Yeshivas Tiferes Tzvi of Chicago is creating history. This innovative institution has just altered the education landscape across America for teachers and students alike – forever.
While that seems like a bold statement, it is the unvarnished truth. Every school seeks to maximize its students’ potential, but there are those children who continue to struggle despite the staff’s best efforts. Whether it is behavioral, social, or emotional difficulties, there is only so much a school can do to address underlying issues. Parents are left with no choice but to pull their children out of school to receive crucial services – or leave their children floundering in the classroom.
With its characteristic visionary approach, YTT homed in the problem and came up with a breakthrough solution. No longer would students have to be schlepped out of school (by a parent who had to take off work) to attend a therapy session and then fall even more behind. Or suffer through the stigma of extended absences. Or worst of all – be misdiagnosed with behavioral problems and such when the core issue is really Sensory Processing Disorder (SPD).
So they built a gym – in the school.
The fully-equipped, beautifully designed sensory motor gym currently services the students in their natural environment under the guidance of dedicated frum therapists. And the results are impressive.
In one case, a rebbi noticed that his student was confusing his numbers. That very day, he notified the therapist who was working with the child – and she was able to customize the session to address this challenge. Typically, when a child is recommended for services, it can be a tedious ordeal: applying for services, then waiting for an evaluation and placement. By then, precious time could be lost, and other complications could arise as well.
The gym was the brainchild of the Mashgiach, Rabbi Shmuel Tenenbaum, MSMFT, Dean of Students – and watching struggling children thrive before his eyes is a dream come true.
“The purpose of this project is to have an all-inclusive system to help our students,” Rabbi Tenenbaum enthuses. “With the school staff and therapists networking and collaborating together, we can trace the underlying difficulties in a time-efficient manner and address them with a holistic approach. No child left behind!”
SPD is a condition in which the brain has trouble receiving and responding to information that comes in through the senses. Since it can negatively impact concentration, behavior, and social abilities – as well as fine/gross motor skills – occupational therapy can serve as an indispensable support to transform a child’s entire school experience.
And for Rabbi Nosson Muller, Menahel, school experience is the operative phrase. It’s not just about the academics, but about each child’s total development as a true eved Hashem. Does each talmid have the mental and physical tools to process the lessons that the devoted rebbeim and teachers transmit?
“As a therapist, I can speak to the classroom staff to see how challenges affect classroom performance and suggest strategies,” says Mrs. Elisheva Scheinberg, OTR/L. “And monitor progress – what’s working and what’s not.”
Rabbi Tenenbaum notes that every rebbi wants his talmid to feel as comfortable as possible throughout the day to ensure an optimal learning atmosphere. But all the emotional support in the world is ineffective if the child doesn’t feel comfortable in his own skin, i.e., if he is in physical discomfort due to SPD.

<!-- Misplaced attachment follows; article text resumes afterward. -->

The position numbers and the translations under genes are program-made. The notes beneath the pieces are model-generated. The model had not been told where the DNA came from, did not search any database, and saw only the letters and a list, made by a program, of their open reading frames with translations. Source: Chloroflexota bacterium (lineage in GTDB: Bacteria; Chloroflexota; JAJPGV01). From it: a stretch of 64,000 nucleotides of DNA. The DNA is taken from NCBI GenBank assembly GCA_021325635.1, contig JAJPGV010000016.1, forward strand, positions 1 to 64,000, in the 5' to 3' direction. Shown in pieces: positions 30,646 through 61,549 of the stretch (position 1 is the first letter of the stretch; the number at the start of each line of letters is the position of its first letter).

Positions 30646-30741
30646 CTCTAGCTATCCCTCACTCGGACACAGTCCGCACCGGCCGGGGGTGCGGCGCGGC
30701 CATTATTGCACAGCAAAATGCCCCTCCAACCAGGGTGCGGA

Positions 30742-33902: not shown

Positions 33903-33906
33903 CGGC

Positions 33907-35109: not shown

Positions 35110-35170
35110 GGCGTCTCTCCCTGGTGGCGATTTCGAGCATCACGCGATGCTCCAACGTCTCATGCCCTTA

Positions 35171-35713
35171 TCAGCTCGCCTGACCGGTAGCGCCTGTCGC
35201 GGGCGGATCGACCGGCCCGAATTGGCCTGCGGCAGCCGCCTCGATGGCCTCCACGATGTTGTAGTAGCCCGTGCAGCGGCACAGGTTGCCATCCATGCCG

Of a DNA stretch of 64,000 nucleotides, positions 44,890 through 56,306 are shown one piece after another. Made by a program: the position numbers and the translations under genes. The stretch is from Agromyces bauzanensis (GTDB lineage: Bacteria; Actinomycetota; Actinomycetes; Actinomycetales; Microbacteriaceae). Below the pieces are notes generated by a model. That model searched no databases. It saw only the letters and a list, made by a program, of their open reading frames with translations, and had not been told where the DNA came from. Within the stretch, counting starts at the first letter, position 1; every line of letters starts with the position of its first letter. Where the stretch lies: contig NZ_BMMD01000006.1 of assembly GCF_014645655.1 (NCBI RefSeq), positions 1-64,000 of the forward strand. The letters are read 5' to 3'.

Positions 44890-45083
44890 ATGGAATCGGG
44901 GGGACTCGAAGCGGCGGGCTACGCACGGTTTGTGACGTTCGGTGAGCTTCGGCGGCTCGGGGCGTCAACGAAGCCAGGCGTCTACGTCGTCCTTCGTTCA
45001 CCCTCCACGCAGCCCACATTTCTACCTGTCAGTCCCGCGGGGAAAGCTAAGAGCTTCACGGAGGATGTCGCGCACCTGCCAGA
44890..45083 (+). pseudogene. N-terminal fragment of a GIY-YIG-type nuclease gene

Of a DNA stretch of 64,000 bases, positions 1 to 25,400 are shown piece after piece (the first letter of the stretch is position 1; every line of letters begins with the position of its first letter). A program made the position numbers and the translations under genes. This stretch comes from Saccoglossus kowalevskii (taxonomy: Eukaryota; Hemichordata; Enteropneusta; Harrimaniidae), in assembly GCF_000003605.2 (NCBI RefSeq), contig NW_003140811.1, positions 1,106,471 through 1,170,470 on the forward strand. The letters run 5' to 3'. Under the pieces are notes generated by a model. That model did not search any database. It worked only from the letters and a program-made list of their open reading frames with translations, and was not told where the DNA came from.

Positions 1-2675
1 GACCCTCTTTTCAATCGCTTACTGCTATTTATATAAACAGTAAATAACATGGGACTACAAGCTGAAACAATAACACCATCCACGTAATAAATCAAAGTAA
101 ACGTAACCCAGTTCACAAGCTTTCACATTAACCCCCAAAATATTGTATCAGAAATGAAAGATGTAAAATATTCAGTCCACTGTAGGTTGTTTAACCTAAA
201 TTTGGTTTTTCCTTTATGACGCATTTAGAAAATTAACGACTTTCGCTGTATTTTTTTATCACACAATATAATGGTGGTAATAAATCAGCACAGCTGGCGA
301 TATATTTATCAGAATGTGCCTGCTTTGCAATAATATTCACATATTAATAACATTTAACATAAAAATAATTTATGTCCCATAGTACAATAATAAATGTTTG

The gym is housed in the YTT Exceptional Learning wing, a center in which students receive remedial or enrichment services. It is outfitted with specialized equipment to work on foundational skills as well as fine motor and visual motor challenges. Peer interaction is also encouraged and facilitated during sessions which take place alongside another student. This multi-pronged method benefits the students immeasurably. And best of all, sessions take place at a time that would least interfere with each student’s personal learning schedule.
One student even takes his spelling test during therapy each week so that the therapist can work on appropriate letter formation and spacing.
Mrs. Scheinberg shares, “I was so excited to see a copy of one student’s report, which was written so neatly and accurately!” This is a student who had previously struggled with writing legibly and always complained of fatigue in his fingers.
The $50,000 state-of-the-art gym was built thanks to the donation of a generous parent. YTT has contracted with Cornerstones Therapeutic Services, which is currently renting the space. This is a rapidly-growing therapy company which customizes its services to meet the individual needs of each child. The rent funds are applied toward a scholarship fund to help cover those children who do not have a suitable insurance plan. The provider is in the process of accepting all insurance plans, including public aid. This is a win-win situation in every sense of the word – the gym will ultimately provide for everyone’s needs, regardless of financial ability.
“The gym was designed with our children’s needs from the outset,” Rabbi Tenenbaum attests. “We wanted it to be a kid-friendly, exciting place to be so that there should be zero stigma attached. And baruch Hashem, we have succeeded.”
As for the future? YTT is not one to rest on its laurels.
The school plans to provide training for parents and teachers about SPD awareness, as well as options for neuropsychological testing and psychotherapy.
Rabbi Tenenbaum outlines the ultimate goal: “We hope that other schools will learn about the accomplishments of the sensory gym and follow suit – so that every Yiddishe child has every chance of success. Because every child is destined for greatness.”
Perhaps one student summed it up best. Walking past the gym, he asked, “How do I sign up for this?”